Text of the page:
Evolution of a B.C. trilogy

“Brett Grubisic’s (left) River Bend Trilogy novels are set in a fictional town on the Fraser River, based on Mission, B.C. where he grew up. Here, we learn other ways the titles are linked.” FULL STORY

McLeod up for major prize

September 17th, 2021

B.C. author, Darrel J. McLeod (at right) has been shortlisted for the Hilary Weston Writers’ Trust Prize for Nonfiction for his memoir Peyakow: Reclaiming Cree Dignity (Douglas & McIntyre $29.95).

With a purse of $60,000, this is the richest annual literary award for a nonfiction Canadian book.

Peyakow is more than a story of overcoming adversity; it is a story of personal and political reclamation that explores the pain of living in a world controlled by agendas and priorities that exploit the people and the land itself,” the jury cited. “Where McLeod finds connection, he also finds obligation. In the end, he discovers that being part of a community is not a passive act. McLeod’s vibrant prose renders the world with tenderness and skill. His profound book is full of love and trouble that you won’t soon forget.”

The 2021 jurors were Kevin Chong, Terese Marie Mailhot and Adam Shoalts.

In Peyakow, McLeod begins with the story of his impoverished youth, beset by constant fears of being dragged down by the self-destruction and deaths of those closest to him as he battles the bullying of white classmates, copes with the trauma of physical and sexual abuse and endures painful separation from his family and culture. With steely determination, he triumphs as an elementary school teacher, principal, head of an Indigenous delegation to the UN in Geneva, executive in the Government of Canada and now a celebrated author. Peyakow—a title borrowed from the Cree word for “one who walks alone”—is an account of triumph against unimaginable odds.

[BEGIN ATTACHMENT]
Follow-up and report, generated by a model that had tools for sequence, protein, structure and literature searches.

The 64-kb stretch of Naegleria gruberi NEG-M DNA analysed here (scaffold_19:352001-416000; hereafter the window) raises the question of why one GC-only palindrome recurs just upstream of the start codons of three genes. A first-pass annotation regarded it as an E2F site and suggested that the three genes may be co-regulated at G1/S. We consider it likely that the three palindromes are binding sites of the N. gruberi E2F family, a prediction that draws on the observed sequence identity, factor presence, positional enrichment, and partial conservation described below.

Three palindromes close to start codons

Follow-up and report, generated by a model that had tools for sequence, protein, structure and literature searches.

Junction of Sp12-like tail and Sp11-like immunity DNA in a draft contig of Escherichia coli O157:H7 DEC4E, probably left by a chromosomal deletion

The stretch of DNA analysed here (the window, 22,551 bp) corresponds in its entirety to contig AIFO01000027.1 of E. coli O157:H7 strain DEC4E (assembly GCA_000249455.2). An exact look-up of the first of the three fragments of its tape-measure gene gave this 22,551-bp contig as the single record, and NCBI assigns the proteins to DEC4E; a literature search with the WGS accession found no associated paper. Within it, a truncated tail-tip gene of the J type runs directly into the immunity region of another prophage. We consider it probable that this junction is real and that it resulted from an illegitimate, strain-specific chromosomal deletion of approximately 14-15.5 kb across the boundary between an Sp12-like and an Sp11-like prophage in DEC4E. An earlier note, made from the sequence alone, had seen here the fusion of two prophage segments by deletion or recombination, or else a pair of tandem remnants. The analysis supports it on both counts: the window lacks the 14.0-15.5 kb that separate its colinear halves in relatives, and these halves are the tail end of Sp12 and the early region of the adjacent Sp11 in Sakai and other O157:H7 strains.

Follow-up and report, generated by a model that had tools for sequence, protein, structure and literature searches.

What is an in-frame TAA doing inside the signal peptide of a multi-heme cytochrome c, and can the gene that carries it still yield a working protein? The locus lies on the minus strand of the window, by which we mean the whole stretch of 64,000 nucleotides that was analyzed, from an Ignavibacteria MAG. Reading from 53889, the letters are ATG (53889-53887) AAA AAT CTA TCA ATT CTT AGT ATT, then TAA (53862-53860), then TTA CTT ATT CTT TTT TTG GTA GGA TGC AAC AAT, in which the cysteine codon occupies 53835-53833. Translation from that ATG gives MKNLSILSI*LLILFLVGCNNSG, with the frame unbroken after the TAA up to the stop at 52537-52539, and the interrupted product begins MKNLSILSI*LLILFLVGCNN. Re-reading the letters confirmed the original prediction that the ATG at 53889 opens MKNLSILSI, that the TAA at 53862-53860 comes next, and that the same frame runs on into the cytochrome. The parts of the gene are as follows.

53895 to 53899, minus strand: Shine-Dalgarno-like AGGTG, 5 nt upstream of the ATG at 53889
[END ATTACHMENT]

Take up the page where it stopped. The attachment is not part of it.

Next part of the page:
About the Author: Darrel J. McLeod is Cree from Treaty 8 territory in Northern Alberta. Previously, he has worked as an educator, chief negotiator of land claims for the federal government, and executive director of education and international affairs with the Assembly of First Nations. McLeod’s memoir Mamaskatch (Douglas & McIntyre, 2018) received a Governor General’s Literary Award for nonfiction and was shortlisted for the RBC Taylor Prize. He currently lives in Sooke, British Columbia.

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Jordan Abel

Another author with close links to B.C. also shortlisted for the prize is Jordan Abel for NISHGA (McClelland & Stewart, $32)

Jury Citation: “NISHGA defies the boundaries and traditions of memoir to achieve something singular and necessary. Instead of striving to process information for the reader, Abel conscripts us into his endeavor by making central what is usually kept behind the curtain: research, found documents, even notes. The result is an active reading experience that conveys the stakes with a power that sticks to the bones. This work fully realizes the complexity of the self and home, and the way atrocity reverberates through generations.”

About the Author: Jordan Abel is a Nisga’a author of the poetry collections The Place of Scraps, Un/inhabited, and Injun. Abel has won the Griffin Poetry Prize and the Dorothy Livesay Poetry Prize. His writing has recently been anthologized in The New Concrete, The Next Wave, and Best Canadian Poetry, among others. Abel recently completed a PhD at Simon Fraser University, and is currently working as an assistant professor at the University of Alberta where he teaches Indigenous literatures and creative writing. Originally from Vancouver, he currently lives in Edmonton.

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